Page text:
Suspension for Caps’ Wilson harsh, but maybe not enough

DENVER – If the NHL owners are going to take a big hit someday in a concussion lawsuit filed by the players, they might as well try to change the dynamic of the game itself.

That was apparent this week when Washington goon Tom Wilson was suspended 20 games (and $1.26 million in salary) for his cheap shot hit on St. Louis forward Oskar Sundqvist.

In a nutshell, the league looks to be cracking down on players more and more with repeat offenses.

The league message? We can’t have you players injuring each other in such violent fashion and then come dragging us into the courtroom to complain about it.

Most of us usually only see Wilson when he plays against the Flyers and it seems like once a game he’s involved in a questionable play.

So in the final preseason game, Wilson drops a bomb on an unsuspecting Sundqvist, breaking his jaw and causing who knows how much damage to his brain and nervous system.

It’s not the first time Wilson has put a player’s career in jeopardy.

A few years back, Wilson launched himself into Islanders defenseman Lubomir Visnovsky. Wilson never got a suspension for what amounted to a career-ending dirty play.

In handing down the suspension, NHL Department of Player Safety George Parros pointed out that this incident occurred just 16 games after Wilson’s previous one and is his fourth suspension in the past 105 games.

An “unprecedented frequency of suspensions,’’ Parros said.

Some might point out that hockey is a collision sport and injuries are inevitable.

But players like Wilson take advantage of the NHL’s soft stance on meant-to-harm hits.

If the NHL really wanted to put some teeth in its rules, it should have suspended Wilson for an entire season (or 82 consecutive games, if the incident had taken place in-season).

Second violation? A lifetime ban.

Players, coaches, general managers, fans, media. . .everybody knows who the dirty players are and they all know what constitutes premeditated attempt to injure.

Sure, this is a sport that still allows fighting. It still allows all sorts of other fouls.

But when you take away a man’s livelihood the way Wilson did with Visnovsky and then attempted to repeat with Sundqvist, it’s time to go.

Tom Wilson, we don’t need your type in this sport.

Gritty: A marketing miracle

Say what you want about the Flyers’ new mascot, Gritty; love it or hate it, the concept is pure marketing genius.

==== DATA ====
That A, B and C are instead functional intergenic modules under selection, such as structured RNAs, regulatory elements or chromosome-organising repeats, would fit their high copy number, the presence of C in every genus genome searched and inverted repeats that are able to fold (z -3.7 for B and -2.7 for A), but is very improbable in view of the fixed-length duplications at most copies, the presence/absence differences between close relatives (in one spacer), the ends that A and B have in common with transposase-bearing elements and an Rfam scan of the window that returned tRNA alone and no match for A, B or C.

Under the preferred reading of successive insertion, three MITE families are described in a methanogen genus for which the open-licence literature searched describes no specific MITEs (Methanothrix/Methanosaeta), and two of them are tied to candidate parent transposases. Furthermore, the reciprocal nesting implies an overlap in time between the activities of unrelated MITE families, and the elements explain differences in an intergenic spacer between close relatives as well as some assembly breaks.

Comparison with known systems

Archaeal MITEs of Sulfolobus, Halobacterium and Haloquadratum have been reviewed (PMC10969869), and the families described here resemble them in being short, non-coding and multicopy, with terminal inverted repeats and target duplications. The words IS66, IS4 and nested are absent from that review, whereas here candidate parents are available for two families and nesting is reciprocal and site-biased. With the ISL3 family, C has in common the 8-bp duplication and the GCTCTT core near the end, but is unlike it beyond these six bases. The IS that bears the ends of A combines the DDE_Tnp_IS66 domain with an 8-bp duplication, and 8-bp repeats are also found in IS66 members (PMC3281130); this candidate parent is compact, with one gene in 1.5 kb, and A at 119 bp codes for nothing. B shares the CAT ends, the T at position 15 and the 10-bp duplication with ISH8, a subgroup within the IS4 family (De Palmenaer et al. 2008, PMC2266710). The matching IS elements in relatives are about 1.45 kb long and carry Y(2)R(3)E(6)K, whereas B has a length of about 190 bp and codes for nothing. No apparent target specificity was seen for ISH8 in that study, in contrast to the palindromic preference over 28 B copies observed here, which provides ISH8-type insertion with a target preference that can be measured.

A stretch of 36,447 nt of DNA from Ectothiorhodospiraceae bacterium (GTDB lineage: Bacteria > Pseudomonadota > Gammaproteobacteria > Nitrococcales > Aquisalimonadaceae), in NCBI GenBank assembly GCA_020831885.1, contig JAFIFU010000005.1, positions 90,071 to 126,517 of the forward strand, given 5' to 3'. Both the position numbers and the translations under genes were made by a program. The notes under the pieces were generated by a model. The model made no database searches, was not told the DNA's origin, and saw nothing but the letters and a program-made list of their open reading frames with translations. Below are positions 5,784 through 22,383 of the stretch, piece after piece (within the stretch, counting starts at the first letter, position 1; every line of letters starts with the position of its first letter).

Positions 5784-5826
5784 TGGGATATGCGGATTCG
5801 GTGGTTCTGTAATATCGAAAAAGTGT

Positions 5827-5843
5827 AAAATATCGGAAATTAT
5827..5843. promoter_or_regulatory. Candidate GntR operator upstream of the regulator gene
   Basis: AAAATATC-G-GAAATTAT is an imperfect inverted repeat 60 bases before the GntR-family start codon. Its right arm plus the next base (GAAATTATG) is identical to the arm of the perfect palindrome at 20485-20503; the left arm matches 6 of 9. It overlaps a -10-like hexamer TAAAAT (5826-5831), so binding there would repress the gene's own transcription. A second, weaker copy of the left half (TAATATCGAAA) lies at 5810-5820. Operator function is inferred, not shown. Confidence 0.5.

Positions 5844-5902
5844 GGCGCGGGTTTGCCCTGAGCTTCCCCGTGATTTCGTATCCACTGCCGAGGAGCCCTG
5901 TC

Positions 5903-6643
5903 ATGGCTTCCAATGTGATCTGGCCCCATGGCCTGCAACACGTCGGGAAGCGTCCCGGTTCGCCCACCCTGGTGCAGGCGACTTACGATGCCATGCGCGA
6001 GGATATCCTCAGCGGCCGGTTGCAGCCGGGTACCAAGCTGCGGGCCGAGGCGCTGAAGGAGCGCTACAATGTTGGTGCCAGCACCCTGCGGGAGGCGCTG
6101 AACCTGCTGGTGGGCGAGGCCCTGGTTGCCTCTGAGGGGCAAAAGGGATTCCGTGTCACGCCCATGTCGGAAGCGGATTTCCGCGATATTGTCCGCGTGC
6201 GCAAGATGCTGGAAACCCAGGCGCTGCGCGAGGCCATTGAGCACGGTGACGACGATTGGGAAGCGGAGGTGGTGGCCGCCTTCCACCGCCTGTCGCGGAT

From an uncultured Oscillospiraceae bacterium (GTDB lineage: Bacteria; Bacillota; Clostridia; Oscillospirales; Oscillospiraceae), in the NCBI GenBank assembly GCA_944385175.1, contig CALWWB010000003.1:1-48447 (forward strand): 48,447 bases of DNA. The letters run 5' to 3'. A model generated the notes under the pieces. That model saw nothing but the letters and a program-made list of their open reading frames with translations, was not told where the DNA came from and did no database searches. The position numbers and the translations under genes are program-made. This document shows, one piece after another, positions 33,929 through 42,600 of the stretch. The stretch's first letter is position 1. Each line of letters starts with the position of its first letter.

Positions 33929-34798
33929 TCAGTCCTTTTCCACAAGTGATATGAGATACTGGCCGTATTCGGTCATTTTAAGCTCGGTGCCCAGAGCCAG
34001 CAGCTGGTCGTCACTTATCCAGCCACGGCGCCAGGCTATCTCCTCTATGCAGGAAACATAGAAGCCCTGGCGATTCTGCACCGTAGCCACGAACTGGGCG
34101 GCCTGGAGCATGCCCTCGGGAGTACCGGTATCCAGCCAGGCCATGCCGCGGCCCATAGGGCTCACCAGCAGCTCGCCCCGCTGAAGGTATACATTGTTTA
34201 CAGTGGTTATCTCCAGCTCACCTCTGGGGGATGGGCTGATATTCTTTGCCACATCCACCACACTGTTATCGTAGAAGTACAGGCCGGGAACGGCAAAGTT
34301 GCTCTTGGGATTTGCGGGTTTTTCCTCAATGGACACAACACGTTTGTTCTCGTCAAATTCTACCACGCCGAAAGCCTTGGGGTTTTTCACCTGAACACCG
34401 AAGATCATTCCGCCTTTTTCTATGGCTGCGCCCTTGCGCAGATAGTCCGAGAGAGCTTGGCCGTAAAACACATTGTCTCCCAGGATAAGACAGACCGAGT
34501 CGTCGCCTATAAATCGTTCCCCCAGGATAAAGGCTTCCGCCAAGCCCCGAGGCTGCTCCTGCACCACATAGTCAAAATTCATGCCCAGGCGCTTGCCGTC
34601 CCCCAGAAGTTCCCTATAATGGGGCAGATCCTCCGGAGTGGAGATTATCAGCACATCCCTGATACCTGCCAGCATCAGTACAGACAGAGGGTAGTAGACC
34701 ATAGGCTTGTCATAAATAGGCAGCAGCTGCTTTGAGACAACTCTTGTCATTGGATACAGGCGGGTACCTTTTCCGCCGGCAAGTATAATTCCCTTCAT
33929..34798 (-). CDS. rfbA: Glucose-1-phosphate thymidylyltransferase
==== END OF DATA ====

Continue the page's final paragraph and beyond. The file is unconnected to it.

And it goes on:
Yes, it’s a strange lookin’ dude (like the Phillie Phanatic is Brad Pitt?) and it’s not as clever as the San Diego Chicken (who is?).

But what got me was how quickly it became a national media/celebrity sensation.

Steve Colbert one night, Jimmy Fallon the next. Then it turns up on HBO’s John Oliver show and a guest appearance on Conan O’Brien.

The young fans down at the Wells Fargo Center seem to have taken a liking to Gritty and why not? He’s so unconventional looking, he’s almost lovable.

While the novelty might wear off after a while, Gritty should last a little longer than the one-year stint of the ill-fated Slap Shot back in 1976.

Fourth line important

Over the past few seasons, the Flyers really haven’t got much out of their fourth line and at times it’s almost been a liability.

Taking it one step farther, a couple of these guys are regulars on the penalty kill, which the Flyers know has to improve this year after finishing 29th last season.

A key to a possible resurgence could be the play of Michael Raffl, who has started the season on the fourth unit with Scott Laughton and Jori Lehtera.

This trio got off to a good start the other night, with Laughton scoring a goal and Raffl getting an assist. Meanwhile, the Flyers’ kill was a perfect three for three.

Raffl has played on all four lines during his career in Philadelphia and that sort of experience can pay dividends here.

“We played our role pretty well and getting a goal was pretty big,’’ Raffl said after Saturday morning’s skate at the Pepsi Center. “Playing with those two guys, they have lots of skill and it makes it easy.

“This is something to build on. I’ve played all over. That’s kind of my role here. I enjoy it. We’ve got good chemistry going now.”






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About Wayne Fish 2472 Articles
Wayne Fish has been covering the Flyers since 1976, a stint which includes 18 Stanley Cup Finals, four Winter Olympics and numerous other international events.

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